Software technicians seem to be hit and miss. The one in Virginia was polite, tried hard, placed me on hold repeatedly when he wasn't sure of himself, but simply lacked an understanding of the operating system and hardware. Between being on hold and talking with him, I spent 1.5 hours, the end of which resulted in him finally understanding what steps I told him I took to install XP and what errors I received. In the process, I repeated for a fourth time reformatting the hard drive and attempting to reinstall XP from a CD. At least 10 minutes were spent with him explaining that XP would "automatically" copy from the CD to the hard drive ("You'll be amazed," he said) if he changed the boot sequence in the BIOS to have the computer boot from the CD instead of from the hard drive. He didn't explain it that way, however, and I didn't understand him for quite some time. He also had no familiarity with the BIOS, and was perplexed when he couldn't find what he was looking for on the first page. When I suggested I look on the other six pages, he told me not to use the page advance command or touch anything, and had me re-read the page again slowly. Finally, I figured out what he was looking for, and found it on page six. After explaining it to him, he seemed relieved. I was dismayed, however, and told him that there was no difference between booting automatically from the CD or manually hitting F-12 and selecting the CD instead of the hard drive to boot off of. Of course, XP did not automatically copy, but went through the slow installation process, which failed as it had on my three previous attempts. Before doing this, however, he repeatedly instructed me to backup any files I hadn't because I'd lose them. Each time I told him there were no files, for I had reformatted the hard drive several times on my earlier failed attempts to reinstall XP. He clearly did not understand that reformatting a hard drive erased the data.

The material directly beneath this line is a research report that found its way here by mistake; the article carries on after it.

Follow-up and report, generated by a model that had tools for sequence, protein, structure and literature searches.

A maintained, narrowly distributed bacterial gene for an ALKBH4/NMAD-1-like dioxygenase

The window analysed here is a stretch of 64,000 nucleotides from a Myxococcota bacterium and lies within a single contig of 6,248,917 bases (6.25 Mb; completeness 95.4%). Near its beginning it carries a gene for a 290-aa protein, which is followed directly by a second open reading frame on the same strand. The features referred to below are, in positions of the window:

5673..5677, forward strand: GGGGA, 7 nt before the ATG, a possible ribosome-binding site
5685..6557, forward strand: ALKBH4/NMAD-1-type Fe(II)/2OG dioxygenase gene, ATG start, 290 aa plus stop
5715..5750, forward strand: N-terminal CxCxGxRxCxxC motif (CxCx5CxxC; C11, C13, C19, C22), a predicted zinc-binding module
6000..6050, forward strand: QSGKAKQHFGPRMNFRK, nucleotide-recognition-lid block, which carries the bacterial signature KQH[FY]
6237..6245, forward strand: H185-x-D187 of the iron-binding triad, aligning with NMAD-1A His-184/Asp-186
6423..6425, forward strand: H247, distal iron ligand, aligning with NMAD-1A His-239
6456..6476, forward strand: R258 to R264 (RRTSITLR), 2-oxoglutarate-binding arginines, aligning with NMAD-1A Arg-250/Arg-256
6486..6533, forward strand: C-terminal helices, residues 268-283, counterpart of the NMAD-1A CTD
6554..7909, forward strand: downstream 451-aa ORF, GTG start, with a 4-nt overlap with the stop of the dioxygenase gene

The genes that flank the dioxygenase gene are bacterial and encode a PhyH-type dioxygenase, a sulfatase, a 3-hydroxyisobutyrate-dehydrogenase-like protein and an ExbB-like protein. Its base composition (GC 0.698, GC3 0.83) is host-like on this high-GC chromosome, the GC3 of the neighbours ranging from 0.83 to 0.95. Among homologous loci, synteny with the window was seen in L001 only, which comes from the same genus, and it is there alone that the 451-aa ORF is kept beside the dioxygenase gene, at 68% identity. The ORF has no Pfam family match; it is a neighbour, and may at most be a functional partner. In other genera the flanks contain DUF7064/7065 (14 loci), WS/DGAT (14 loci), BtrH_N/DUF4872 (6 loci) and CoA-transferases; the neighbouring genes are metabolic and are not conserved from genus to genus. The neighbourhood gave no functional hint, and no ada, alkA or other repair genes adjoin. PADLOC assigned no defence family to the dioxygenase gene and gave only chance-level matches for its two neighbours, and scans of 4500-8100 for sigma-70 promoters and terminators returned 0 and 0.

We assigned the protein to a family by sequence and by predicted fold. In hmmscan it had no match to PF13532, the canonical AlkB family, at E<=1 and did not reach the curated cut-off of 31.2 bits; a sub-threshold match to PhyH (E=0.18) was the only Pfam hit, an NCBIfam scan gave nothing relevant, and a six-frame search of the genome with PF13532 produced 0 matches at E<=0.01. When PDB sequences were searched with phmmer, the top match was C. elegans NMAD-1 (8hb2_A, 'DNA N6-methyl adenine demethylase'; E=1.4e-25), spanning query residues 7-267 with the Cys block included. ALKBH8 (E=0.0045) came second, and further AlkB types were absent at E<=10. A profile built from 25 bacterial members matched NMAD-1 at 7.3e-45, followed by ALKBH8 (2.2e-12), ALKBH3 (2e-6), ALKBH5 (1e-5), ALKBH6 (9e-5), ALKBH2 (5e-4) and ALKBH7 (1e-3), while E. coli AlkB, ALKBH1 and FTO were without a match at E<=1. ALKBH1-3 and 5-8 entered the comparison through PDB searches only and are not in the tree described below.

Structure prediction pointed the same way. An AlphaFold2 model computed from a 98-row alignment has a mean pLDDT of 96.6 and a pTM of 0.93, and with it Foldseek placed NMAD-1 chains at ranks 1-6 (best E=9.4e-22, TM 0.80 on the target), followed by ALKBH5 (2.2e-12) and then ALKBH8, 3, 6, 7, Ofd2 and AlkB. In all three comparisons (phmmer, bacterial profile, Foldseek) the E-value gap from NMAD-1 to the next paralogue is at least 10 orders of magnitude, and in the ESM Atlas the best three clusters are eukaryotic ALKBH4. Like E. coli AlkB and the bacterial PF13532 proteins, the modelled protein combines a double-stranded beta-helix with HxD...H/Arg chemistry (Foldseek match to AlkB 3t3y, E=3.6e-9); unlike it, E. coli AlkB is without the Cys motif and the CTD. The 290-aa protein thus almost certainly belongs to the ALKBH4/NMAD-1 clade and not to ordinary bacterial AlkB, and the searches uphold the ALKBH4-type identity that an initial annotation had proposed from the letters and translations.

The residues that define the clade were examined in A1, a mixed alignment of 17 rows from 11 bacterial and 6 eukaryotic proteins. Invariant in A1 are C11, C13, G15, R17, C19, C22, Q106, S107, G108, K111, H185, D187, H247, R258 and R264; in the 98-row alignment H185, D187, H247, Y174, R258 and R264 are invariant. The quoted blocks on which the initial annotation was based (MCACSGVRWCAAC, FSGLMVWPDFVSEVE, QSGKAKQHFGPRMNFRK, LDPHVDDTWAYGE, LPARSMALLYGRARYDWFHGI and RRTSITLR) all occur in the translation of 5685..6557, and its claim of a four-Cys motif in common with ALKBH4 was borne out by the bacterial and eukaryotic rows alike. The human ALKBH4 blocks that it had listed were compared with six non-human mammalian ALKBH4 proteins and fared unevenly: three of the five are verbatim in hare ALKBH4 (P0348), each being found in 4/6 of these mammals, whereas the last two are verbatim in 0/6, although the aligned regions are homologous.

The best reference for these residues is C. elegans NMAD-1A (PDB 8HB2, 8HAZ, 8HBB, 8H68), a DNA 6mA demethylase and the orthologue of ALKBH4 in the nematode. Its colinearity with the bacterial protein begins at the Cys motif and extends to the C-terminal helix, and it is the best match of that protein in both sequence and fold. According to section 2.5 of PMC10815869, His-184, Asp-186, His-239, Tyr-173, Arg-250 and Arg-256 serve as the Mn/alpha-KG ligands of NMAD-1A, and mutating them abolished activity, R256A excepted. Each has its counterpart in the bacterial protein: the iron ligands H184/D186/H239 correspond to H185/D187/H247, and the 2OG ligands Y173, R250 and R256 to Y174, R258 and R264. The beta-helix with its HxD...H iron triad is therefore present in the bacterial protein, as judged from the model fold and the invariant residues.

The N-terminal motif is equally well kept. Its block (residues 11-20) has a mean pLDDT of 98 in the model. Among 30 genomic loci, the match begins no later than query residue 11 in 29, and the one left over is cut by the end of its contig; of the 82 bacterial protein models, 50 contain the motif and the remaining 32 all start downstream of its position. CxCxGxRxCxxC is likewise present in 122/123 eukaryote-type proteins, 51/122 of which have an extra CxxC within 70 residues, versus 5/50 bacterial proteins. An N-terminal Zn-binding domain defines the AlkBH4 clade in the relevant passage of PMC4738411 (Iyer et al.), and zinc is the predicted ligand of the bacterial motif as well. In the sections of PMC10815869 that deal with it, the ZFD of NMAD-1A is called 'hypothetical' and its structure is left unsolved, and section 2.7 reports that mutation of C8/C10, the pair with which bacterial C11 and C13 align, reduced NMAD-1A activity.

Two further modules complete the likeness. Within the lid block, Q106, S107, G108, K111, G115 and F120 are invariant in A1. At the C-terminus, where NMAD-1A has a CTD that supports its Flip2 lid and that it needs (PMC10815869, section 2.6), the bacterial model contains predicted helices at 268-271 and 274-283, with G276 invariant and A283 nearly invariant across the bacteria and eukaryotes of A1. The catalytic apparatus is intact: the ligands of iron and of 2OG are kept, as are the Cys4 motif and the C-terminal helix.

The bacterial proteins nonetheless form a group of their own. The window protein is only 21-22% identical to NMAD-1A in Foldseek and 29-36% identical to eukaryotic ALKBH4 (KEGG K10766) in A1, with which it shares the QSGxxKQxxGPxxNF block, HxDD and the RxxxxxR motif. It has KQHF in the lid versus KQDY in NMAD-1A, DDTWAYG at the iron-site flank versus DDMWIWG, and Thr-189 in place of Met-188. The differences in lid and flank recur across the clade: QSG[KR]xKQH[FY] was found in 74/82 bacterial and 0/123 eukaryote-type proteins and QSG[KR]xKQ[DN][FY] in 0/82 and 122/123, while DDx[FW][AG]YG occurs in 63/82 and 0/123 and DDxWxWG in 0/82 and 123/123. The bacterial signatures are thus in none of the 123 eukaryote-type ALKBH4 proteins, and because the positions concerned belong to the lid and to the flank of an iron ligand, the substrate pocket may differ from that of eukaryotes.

I must compliment, however, the software group in Ottowa Canada. Technicians were competent, understood hardware and software far better than I (not much of a feat), and tried to compensate for failed promises from other departments, on matter that weren't their responsibility. They provide access to their managers, who are prompt and responsive, although the first-line SW techs appeared quite knowledgeable, competent and articulate.

Finally, Dell shipped my computer to me with an old version of XP that had known problems in general, and in particular had problems with Dell's platforms. This caused me considerable problems, among which prevented me from being able to successfully update the operating system. Furthermore, Dell failed to inform me of the problem, or the existence of the updated system, or instruct me to immediately download the updates, which would have prevented the problems. The newer improved version of XP, along with the problems of the earlier version, were available and known to Dell at the time I purchased the computer. The error was compounded when my hard drive needed replacement, which I believe should have come with XP and core applications installed, as had been on the original hard drive. I asked, but Dell refused. This left me to reinstall the older XP version, which required 21 software updates, including to System Pack 2, which would not install properly because the earlier version -- I then learned -- could not delete spyware. I also could not delete these files, which were in hidden directories that one couldn't find in XP, even when clicking on the option of seeing all hidden files and directories, even using the DEL command with the DOS command prompt. It took me a long time to learn about commands like ATTRIB that could change whether the files were read-only, or hidden, and flags on DEL that deleted read-only files that otherwise won't delete, but I still couldn't delete these files. Finally, I rebooted in safe mode and discovered I could delete the files if logged in as "administrator," which didn't make much sense to me as my user profile supposedly possessed superuser administrative authority. All of this would have been prevented had Dell sold me the then-newest version of XP.